Before the drugs kick in, however, Tito gives Max some singing tips and builds his confidence in a delightful and charming sequence in which the two sing (quite well, actually) to operatic music that mysteriously materializes in the room. It’s a great moment and a highlight of the play is the mentor/apprentice relationship that develops between Tito and Max — kindred spirits united by a love of opera.
Then Tito passes out cold in the bedroom and cannot be revived. With the demise of their star performer, Saunders and Max must conspire to come up with a plan B so the gala evening will not be a total loss.
Meanwhile, everyone in Cleveland loves opera, it seems, and also applying pressure to the already fraught situation are Diana (Donna English) the city’s premiere soprano who will sing opposite Tito and is pushing for one-on-one time with the tenor so she can convince him to help her in her career, and Julia (Nancy Johnson) the chairwoman of the opera house who expects this gala night to be her crowning achievement before all of Cleveland society.
Then there’s the Bellhop (played hilariously by Scott Cote). A rabid fan of Tito Merelli, he will do anything to meet his idol and insists on over-staying his welcome whenever he delivers anything to the room. Though his lines are few, Cote’s slouchy posture, awkward fitting uniform and squinty-eyed asides at the audience when he’s particularly peeved are priceless.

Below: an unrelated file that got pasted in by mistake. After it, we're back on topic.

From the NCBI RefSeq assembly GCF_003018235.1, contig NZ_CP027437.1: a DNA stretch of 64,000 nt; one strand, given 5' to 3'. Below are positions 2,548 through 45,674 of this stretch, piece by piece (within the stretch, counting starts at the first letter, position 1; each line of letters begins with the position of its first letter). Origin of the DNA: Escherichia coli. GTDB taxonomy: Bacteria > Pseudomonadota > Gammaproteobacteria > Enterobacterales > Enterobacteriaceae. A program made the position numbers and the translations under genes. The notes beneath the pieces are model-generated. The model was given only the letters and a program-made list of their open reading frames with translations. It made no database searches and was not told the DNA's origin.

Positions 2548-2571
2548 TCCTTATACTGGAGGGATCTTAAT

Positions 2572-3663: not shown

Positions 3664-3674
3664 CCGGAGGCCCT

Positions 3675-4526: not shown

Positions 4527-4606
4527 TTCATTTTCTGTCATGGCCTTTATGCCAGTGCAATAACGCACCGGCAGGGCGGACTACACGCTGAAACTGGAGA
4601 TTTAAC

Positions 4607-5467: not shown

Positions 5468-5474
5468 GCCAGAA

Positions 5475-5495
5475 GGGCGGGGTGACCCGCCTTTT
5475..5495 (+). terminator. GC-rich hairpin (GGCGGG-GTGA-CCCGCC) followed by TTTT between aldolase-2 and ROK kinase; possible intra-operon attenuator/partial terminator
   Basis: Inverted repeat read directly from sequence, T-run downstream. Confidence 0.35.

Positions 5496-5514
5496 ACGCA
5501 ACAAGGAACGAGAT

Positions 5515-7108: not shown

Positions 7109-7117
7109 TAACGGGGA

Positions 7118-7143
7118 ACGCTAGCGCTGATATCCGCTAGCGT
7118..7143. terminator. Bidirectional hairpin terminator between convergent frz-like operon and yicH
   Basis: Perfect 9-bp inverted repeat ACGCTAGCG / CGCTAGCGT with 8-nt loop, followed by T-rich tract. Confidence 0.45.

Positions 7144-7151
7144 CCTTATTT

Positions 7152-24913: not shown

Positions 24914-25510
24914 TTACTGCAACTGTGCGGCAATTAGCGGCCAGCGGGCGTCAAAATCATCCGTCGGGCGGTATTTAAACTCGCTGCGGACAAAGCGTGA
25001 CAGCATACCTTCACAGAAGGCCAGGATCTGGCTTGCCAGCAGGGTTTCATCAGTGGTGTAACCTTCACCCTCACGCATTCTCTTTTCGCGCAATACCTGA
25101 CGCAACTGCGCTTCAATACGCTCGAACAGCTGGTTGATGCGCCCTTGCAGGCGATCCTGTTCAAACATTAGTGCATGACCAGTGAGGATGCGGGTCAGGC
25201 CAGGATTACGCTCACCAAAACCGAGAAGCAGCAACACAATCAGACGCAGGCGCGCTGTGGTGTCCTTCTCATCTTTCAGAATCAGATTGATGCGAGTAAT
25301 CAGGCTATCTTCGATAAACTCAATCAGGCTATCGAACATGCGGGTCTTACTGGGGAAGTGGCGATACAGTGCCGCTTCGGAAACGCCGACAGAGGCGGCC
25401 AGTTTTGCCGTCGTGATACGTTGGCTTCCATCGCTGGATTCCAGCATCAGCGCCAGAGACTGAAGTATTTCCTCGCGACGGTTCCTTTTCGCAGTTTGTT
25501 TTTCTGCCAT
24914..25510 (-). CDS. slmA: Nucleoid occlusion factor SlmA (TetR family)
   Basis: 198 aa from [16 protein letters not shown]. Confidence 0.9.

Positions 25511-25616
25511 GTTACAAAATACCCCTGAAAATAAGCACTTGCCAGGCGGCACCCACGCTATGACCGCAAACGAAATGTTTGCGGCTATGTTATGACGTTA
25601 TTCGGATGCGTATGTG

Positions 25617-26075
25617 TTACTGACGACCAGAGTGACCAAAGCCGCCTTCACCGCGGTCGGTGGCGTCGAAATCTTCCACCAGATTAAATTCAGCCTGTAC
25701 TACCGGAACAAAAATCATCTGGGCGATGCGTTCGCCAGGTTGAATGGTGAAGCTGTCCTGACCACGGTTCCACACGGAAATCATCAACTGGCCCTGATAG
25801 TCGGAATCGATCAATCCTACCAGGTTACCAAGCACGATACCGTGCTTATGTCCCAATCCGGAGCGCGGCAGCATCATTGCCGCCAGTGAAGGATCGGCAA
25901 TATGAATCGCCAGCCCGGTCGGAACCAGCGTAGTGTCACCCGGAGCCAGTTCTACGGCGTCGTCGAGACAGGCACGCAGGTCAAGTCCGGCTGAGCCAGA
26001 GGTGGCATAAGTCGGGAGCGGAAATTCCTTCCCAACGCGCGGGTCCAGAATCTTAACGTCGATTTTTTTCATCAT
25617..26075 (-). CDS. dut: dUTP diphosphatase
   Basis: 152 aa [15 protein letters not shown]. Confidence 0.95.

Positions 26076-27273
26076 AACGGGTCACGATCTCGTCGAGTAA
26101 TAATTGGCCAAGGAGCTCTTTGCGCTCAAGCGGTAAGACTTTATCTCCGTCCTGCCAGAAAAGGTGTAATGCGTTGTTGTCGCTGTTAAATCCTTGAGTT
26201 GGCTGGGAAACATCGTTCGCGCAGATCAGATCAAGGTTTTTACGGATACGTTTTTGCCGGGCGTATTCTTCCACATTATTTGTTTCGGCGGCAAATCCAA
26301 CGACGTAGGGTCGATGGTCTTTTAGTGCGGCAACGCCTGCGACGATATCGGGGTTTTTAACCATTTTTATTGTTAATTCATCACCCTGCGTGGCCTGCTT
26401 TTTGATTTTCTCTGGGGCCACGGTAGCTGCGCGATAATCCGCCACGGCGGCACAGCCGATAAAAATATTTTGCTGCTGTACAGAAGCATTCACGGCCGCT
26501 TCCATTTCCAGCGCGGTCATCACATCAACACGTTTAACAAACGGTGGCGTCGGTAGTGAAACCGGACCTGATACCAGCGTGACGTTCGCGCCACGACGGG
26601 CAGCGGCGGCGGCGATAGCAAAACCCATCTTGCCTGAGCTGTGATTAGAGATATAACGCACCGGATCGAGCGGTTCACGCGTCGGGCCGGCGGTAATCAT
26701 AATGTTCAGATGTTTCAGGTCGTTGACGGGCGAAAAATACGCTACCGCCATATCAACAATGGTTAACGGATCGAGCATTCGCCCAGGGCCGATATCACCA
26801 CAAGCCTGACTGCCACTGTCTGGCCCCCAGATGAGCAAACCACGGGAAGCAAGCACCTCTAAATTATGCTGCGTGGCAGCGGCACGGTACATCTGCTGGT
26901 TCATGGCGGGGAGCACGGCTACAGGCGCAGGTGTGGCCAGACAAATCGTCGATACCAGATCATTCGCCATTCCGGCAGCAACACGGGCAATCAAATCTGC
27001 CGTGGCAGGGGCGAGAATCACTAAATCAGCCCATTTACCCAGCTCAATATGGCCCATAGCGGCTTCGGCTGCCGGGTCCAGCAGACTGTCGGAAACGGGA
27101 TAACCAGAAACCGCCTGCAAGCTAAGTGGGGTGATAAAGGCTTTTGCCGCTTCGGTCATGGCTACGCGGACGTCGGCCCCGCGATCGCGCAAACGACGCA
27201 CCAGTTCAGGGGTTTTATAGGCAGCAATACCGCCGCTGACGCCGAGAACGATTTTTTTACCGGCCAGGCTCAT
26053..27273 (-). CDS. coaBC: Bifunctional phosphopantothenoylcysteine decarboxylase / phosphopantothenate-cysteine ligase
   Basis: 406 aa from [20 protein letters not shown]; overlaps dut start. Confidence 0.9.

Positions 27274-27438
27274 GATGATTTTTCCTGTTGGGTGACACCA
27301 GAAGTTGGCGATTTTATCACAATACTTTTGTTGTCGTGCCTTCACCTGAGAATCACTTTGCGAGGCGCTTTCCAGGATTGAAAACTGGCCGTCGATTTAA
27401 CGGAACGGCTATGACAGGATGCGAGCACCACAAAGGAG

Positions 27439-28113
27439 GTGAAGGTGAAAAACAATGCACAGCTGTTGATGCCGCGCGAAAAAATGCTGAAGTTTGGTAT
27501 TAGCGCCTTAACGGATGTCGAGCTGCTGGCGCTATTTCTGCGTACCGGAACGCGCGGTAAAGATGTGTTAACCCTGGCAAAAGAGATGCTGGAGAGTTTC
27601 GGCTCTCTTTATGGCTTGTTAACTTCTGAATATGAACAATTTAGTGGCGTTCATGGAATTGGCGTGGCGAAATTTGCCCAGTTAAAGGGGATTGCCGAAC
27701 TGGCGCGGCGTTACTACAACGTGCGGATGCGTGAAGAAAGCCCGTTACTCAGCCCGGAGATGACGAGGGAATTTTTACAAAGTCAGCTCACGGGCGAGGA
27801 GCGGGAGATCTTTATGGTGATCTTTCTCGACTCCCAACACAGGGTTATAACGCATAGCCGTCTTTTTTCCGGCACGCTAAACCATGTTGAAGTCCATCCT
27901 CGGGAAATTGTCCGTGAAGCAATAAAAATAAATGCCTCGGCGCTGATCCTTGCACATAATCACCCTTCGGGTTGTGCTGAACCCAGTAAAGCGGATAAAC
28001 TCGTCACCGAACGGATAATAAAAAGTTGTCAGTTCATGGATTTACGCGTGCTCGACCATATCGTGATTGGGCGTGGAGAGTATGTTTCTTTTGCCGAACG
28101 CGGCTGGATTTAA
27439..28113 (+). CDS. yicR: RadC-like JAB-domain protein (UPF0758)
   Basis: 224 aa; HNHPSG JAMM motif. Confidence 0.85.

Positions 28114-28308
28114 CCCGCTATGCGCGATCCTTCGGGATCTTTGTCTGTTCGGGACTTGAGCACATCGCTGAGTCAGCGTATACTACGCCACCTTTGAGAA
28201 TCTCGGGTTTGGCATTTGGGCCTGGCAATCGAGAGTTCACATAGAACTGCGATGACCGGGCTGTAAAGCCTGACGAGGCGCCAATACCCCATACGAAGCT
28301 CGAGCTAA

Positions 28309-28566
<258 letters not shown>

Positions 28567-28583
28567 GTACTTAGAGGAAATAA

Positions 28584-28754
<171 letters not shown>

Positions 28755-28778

Of course, as these things go, the stakes soon escalate and its in act two that life really gets interesting (and at times, confounding). Be forewarned, not everything from the ‘30s has been updated in this script, and there’s discomfort to be had in the fact that as Othello, the characters are disguised behind brown make up and dark wigs to pull off the script’s bait and switch twist. It will certainly not be to everyone’s liking.
As an ensemble, this production’s stellar cast works great together. As Tito, Rusinek is a brilliant comic actor and Blazer has her Italian wife/mother role down to a tee. Particularly endearing is Plomgren as Max, a seemingly mild-mannered character who has great fire in his belly.
In the end, “Lend Me a Tenor” is really a love story — or rather, a series of them. Not only does it highlight the long term — if dysfunctional — love of couples who have been together for better or worse for years; but the play also offers a take on new love, the indecision that young people experience when trying to determine if a prospective mate is truly one for the ages. Then there’s the particularly poignant relationship between Tito and Max — that of master and student whose bond is based in an entirely different, but equally powerful, kind of love — one for an art form that captures heart, mind and soul. It’s a kind of love not everyone will have the fortune to experience in his or her lifetime — but “Lend Me a Tenor” certainly makes it easy to understand how it’s possible.
“Lend Me A Tenor” runs through June 23 at Bay Street Theatre in Sag Harbor. Scenic design is by Ken Goldstein, lighting by Mike Billings, costumes by Wade Laboissonneire and sound design by Matt Kraus. For tickets call 725-9500.